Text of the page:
Chemical Analysis of Southern Pine Pole Stubs Sixty Months Following Treatment with a Methylisothiocyanate-Based Solid Fumigant Stick
D J Herdman, T Pope, R R Browning
Methylisothiocyanate-based fumigants have been commercially used in the United States for over 35 years to control internal decay in utility poles and other wooden structures with little technological advancement. The most recently commercialized methylisothiocyanate-based fumigant is chemically known as dazomet. Dazomet is a free-flowing powder or granule that decomposes in the presence of moisture within a utility pole to release methylisothiocyanate. As a means to accelerate the decomposition to methylisothiocyanate, a copper solution can be applied to dazomet during the time of fumigant application. Laboratory and field studies conducted as part of the Utility Pole Research Cooperative at Oregon State University have demonstrated the long-term efficacy of dazomet. Concerns with applicator safety, inefficient copper-dazomet interaction, accurate dosing and a high potential for accidental spills, has led OSU researchers to develop several solid forms of dazomet. While long-term field testing by the OSU-UPRC has generated positive results, the prototype forms of solid dazomet had little commercial value. Recently, a commercially viable solid-stick dazomet product was introduced to the remedial wood preservative market to prevent and arrest active decay within in-service wood utility poles. To demonstrate the long-term performance characteristics of this solid form of dazomet, a field study was established in January 2014 in southern pine utility pole sections. At the fourth inspection conducted 60 months following fumigant treatment, chemical assay borings were removed at various pole heights and depths and analyzed for concentrations of methylisothiocyanate using GCMS. The 60-month results showed the concentrations of methylisothiocyanate were greatest in the pole sections treated with the copper amended solid-stick dazomet. When compared to previous chemical assay results at 12, 32 and 46 months following fumigant treatment, the 60-month results showed a sharp increase in concentrations of methylisothiocyanate in the copper amended solid-stick dazomet treated pole sections. The granular dazomet showed a slight increase in methylisothiocyanate production, where the unamended solid-stick and copper amended granular dazomet showed little change from 46 to 60 months of exposure. When compared to a methylisothiocyanate threshold value for decay fungi proposed by Oregon State University, the chemical assay results at 60 months indicated all fumigant treatments are effectively protecting the zone of fumigant treatment (15.2 cm below to 15.2 cm above groundline) of southern pine pole sections. However, the greatest protection within and above the zone of treatment was provided by the copper amended solid-stick dazomet treatment. Future sampling and chemical analysis of the southern pine pole sections are planned to monitor long term efficacy of the fumigant treatments.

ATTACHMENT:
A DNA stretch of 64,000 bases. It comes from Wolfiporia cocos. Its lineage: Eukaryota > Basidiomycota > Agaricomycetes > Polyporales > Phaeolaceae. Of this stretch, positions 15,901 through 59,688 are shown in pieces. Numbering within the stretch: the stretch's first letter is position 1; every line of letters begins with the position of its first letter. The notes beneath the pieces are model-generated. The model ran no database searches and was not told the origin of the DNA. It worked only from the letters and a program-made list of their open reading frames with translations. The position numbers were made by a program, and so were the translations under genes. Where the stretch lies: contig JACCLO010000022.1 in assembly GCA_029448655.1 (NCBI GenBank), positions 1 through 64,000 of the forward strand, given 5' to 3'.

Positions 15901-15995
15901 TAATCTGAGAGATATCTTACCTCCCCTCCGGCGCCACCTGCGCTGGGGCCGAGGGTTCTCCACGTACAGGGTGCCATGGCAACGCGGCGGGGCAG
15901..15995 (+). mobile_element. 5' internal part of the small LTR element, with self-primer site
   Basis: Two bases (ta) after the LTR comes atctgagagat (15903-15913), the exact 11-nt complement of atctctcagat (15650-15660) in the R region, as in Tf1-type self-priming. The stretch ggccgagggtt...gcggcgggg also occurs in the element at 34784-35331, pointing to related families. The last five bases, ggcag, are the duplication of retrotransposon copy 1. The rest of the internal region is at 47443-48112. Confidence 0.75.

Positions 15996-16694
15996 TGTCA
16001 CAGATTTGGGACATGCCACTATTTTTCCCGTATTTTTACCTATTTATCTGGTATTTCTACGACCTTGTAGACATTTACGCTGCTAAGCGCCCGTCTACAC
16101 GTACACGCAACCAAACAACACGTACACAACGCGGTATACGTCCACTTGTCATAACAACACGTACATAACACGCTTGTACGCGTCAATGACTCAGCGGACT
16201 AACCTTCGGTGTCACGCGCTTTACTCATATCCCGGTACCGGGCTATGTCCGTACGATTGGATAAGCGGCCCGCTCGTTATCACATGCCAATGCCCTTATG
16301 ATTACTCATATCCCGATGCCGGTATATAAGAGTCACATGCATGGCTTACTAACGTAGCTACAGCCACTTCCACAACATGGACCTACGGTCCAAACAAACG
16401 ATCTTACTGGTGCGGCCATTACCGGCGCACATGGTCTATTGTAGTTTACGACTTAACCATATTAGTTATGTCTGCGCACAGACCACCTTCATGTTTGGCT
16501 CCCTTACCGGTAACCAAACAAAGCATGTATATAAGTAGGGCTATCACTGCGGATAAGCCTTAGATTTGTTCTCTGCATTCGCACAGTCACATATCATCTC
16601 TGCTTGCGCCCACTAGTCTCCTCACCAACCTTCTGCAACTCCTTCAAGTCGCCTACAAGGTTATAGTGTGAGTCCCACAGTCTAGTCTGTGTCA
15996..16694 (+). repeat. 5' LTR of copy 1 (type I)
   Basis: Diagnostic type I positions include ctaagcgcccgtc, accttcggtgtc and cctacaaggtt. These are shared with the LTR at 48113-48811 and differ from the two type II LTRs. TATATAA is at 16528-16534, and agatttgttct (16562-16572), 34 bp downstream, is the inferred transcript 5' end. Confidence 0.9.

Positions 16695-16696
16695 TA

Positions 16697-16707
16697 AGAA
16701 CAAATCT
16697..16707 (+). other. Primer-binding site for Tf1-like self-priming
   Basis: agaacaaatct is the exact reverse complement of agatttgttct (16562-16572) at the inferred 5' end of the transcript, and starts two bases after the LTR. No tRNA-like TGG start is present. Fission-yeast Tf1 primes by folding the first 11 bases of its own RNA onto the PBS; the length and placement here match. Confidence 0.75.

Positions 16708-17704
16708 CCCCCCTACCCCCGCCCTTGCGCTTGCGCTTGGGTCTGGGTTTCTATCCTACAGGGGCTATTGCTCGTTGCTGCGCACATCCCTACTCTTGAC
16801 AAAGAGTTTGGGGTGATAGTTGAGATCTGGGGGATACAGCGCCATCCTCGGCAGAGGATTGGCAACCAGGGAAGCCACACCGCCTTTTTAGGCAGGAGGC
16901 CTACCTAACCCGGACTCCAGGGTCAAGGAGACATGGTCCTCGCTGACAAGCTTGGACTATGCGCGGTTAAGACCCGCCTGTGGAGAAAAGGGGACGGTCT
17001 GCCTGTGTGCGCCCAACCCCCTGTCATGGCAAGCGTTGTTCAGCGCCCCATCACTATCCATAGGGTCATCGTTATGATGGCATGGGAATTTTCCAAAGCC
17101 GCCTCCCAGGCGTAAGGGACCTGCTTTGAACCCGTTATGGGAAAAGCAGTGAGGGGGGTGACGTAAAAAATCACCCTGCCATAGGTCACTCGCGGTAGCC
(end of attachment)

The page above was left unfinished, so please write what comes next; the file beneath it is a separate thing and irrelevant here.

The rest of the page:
Keywords: methylisothiocyanate, solid dazomet stick, southern pine poles, field studies, efficacy